The Costs and Benefits of a Categorical Approach to Hearsay
Response to Liesa L. Richter, Posnerian Hearsay: Slaying the Discretionary Dragon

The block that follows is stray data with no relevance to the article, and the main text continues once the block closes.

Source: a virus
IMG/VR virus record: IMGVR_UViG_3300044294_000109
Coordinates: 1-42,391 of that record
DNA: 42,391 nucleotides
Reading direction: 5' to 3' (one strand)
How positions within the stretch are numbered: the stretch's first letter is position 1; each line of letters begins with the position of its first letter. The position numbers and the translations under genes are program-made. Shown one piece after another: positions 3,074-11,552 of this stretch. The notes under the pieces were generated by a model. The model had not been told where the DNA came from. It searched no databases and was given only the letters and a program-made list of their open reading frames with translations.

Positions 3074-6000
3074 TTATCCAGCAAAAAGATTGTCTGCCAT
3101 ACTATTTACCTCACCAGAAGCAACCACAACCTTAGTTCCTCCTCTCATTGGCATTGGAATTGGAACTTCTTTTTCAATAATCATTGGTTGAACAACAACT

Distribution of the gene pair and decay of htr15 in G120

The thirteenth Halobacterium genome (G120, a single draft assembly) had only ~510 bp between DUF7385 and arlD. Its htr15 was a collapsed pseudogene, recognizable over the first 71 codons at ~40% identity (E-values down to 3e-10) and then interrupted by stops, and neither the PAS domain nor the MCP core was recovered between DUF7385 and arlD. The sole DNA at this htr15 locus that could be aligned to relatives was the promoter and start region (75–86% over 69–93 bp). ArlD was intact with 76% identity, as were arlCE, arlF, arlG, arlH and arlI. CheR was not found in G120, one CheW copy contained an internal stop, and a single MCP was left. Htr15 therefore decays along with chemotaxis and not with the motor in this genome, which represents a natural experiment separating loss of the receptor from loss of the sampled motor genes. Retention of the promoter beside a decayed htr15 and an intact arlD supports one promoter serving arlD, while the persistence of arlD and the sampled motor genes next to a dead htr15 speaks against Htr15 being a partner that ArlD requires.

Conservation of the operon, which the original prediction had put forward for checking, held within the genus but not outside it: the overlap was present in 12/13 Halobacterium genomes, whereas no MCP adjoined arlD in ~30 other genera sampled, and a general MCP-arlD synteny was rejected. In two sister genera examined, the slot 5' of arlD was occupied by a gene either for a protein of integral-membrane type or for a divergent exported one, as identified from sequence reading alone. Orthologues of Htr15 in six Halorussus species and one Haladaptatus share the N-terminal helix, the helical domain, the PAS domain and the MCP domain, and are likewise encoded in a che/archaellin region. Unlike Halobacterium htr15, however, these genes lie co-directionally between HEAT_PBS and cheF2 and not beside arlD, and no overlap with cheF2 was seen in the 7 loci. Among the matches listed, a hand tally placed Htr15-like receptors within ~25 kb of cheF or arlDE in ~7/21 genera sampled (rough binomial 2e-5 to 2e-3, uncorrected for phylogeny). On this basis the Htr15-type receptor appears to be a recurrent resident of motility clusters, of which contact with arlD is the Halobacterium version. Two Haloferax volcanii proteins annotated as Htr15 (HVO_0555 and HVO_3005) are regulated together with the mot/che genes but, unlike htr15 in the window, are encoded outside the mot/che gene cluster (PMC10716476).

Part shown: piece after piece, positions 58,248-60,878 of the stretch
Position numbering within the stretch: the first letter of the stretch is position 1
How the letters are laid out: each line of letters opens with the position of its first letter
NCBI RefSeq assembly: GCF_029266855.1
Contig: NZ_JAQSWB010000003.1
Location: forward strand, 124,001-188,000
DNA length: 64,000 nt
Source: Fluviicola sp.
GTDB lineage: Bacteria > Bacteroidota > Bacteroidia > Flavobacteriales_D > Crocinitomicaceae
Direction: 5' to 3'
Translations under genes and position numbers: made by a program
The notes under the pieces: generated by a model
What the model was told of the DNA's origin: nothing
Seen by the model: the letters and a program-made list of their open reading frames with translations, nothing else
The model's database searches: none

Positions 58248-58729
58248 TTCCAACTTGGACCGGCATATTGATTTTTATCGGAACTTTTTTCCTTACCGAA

Recent remarks by Judge Richard Posner of the Seventh Circuit Court of Appeals have breathed new life into the old debate about hearsay. In a concurrence in United States v. Boyce Judge Posner suggests that judges should examine the reliability of hearsay evidence directly. Seeking to engage Judge Posner on terrain that he would appreciate, Professor Richter performs a cost-benefit analysis of his proposed rule. Her conclusion is that the flexible, three-pronged approach provided by Judge Posner is a “bad bargain” for several reasons. In this brief response, I hope to unpack and complicate Professor Richter’s claims a bit. My primary conclusion is that, while Professor Richter’s proffered solution—stay the course; make incremental improvements to the current patchwork of categorical hearsay rules—is eminently sensible, her analysis glides somewhat easily over several assumptions about how Judge Posner’s rule might operate in practice and, in turn, how the rule would impact the litigation process. Read more.